There is something drastic about looking at the past year's collection of works on paper, deciding to take the scissors to them and cutting them up. Something brave and positive, something blackly humorous. Diversions-Games We Play is an exhibition of collages assembled from a year's worth of work (mainly sketches from life-drawing classes) and from found objects from games-jigsaws, scrabble, crosswords, playing cards, chess, lotto tickets and so on. Maggie Thompson has 'recycled' her life-drawings and, breaking out of the fine art paradigm, has re-situated them into social environments of roles and rules.
This is, in a sense, a critique of the life-drawing class and the role of 'the model' which isolates and aestheticises the human figure and is complicit in creating the centralised anthropocentric discourses of Western Culture. Thompson has cut out the figures from her drawing studies and con textualised them, with humour, in broader social situations. In so doing she repudiates traditional notions of the study, the preliminary sketch and the final composition. Process and product are not separated.
The popular analogues Thompson uses to symbolise the social environment are games. In overlaying the figures with the abstracted grids of letters, boards and playing cards, light hearted allusions are made to notions of chance and adaptation, supported by the use of puns, alliteration, anagrams and double meanings in the works and their titles. Thompson has also cut strips of 'background' from her works and these are overlaid in intersecting lines across the compositions. They have a strangely dual effect, implying both two-dimensional framing and three-dimensional perspective.
The majority of figures in Thompson's imagery are women and this directly reflects the predominance of female models in her life-drawing classes. Nevertheless, Thompson's dominant use of women is integral to her practice. Male figures are set apart compositionally-either isolated or obscured. The female figures are woven into the patterning process of collage, allowing some to stand out in sharp outline and others to become part of the image fabric.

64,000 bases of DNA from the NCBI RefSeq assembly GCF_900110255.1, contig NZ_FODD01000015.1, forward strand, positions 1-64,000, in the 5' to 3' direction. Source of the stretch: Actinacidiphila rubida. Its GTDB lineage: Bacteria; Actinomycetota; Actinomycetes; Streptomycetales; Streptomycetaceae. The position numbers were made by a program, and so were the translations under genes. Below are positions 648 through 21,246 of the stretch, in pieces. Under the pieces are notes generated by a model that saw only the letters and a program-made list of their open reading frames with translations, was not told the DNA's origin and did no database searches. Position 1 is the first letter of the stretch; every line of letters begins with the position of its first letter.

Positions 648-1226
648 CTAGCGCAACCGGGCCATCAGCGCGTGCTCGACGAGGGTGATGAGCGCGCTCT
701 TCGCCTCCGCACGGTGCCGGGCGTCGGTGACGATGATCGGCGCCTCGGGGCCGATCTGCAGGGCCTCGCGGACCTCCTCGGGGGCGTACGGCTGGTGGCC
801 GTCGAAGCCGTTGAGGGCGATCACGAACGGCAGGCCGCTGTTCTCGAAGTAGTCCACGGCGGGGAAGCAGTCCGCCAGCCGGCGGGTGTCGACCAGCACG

This veiling and layering aesthetic is linked to a feminine sensibility. Women, marginalised from mainstream discourses and from the overt exercise of power have learnt to exist 'in between' places and to wield power covertly. Veiling and layering is suggestive of seduction, and the use of anagrams and double meanings suggest a subtext, a feminine manipulation of language.
The Jig is a collage of life drawings of female nudes and jigsaw pieces, both cut-out and actual. The collaging process has veiled the nakedness of the women. The isolated and objectified female nude has been veiled with a web of connectedness that is both subjective (acting as clothing) and social (referring to a game--jigsaw puzzles).
As well as hung works (fourteen large and ten smaller works), Thompson created four small artist books entitled Game Bits. They consisted, once again, of cut-out squares from her pastel and acrylic works on paper. Cut from sketch books which had works on both sides of the page, each "game bit" was a two-sided square of abstract colouration. This puns, light heartedly, on the action paintings of Pollock and their determined illusions of accident.
In cutting-up, collaging and 'recycling' her works, Thompson breaks down generic boundaries of art practice. In contextualising the figure within ritual social games she suggests that this wider context is perhaps no less rule-ridden and generically bound.